Consideration by Committee
Public Hearings and Markup Sessions
Usually the first step in this process is a public hearing, where the committee members hear witnesses representing various viewpoints on the measure. Each committee makes public the date, place and subject of any hearing it conducts. The committee meetings scheduled for today are available along with other House Schedules. Public announcements are also published in the Daily Digest portion of the Congressional Record.
A transcript of the testimony taken at a hearing is made available for inspection in the committee office, and frequently the complete transcript is printed and distributed by the committee.
After hearings are completed, the bill is considered in a session that is popularly known as the “mark-up” session. Members of the committee study the viewpoints presented in detail. Amendments may be offered to the bill, and the committee members vote to accept or reject these changes.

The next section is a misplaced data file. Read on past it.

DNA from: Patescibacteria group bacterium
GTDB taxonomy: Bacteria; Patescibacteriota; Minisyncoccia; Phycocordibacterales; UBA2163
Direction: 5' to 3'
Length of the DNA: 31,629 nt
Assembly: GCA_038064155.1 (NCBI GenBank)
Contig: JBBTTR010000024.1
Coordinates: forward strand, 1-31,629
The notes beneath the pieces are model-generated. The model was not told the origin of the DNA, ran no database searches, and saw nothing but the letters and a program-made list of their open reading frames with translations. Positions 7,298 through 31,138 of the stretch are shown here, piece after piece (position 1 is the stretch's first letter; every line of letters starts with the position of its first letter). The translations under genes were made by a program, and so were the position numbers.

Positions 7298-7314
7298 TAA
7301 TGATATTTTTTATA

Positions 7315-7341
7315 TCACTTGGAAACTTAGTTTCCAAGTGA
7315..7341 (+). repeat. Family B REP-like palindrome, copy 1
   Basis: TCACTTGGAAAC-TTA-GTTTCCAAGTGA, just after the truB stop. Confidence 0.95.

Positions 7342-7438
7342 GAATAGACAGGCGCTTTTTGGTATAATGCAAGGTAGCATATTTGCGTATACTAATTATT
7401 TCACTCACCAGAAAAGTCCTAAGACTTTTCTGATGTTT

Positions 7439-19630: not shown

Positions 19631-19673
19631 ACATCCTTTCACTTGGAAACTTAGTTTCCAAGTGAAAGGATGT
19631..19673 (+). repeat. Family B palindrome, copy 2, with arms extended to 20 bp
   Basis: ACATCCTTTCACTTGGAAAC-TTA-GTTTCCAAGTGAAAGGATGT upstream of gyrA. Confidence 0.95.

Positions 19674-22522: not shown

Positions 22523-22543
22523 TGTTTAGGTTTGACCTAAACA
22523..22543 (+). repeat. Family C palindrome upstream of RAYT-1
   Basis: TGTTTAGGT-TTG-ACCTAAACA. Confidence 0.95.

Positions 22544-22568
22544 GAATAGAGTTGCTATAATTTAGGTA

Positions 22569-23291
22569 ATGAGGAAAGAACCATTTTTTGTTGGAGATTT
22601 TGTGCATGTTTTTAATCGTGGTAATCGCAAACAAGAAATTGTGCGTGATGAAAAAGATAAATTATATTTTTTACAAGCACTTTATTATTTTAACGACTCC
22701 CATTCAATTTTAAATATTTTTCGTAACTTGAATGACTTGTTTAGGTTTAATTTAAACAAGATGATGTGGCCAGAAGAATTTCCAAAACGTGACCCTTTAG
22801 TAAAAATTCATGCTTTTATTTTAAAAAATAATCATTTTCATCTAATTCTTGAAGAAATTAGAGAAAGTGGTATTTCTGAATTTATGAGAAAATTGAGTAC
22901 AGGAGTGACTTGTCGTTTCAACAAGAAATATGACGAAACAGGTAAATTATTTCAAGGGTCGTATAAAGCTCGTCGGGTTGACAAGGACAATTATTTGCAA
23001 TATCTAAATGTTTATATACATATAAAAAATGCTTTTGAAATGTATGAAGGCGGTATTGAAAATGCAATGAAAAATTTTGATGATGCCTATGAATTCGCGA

This process can take place at either the subcommittee level or the full committee level, or at both. Hearings and markup sessions are status steps noted in the Legislative Action portion of Bill Status.
At the conclusion of deliberation, a vote of committee or subcommittee members is taken to determine what action to take on the measure. It can be reported, with or without amendment, or tabled, which means no further action on it will occur. If the committee has approved extensive amendments, they may decide to report a new bill incorporating all the amendments. This is known as a “clean bill”, which will have a new number. Votes in committee can be found in Committee Votes.
If the committee votes to report a bill, the Committee Report is written. This report describes the purpose and scope of the measure and the reasons for recommended approval. House Report numbers are prefixed with “H.Rpt.” and then a number indicating the Congress (currently 107).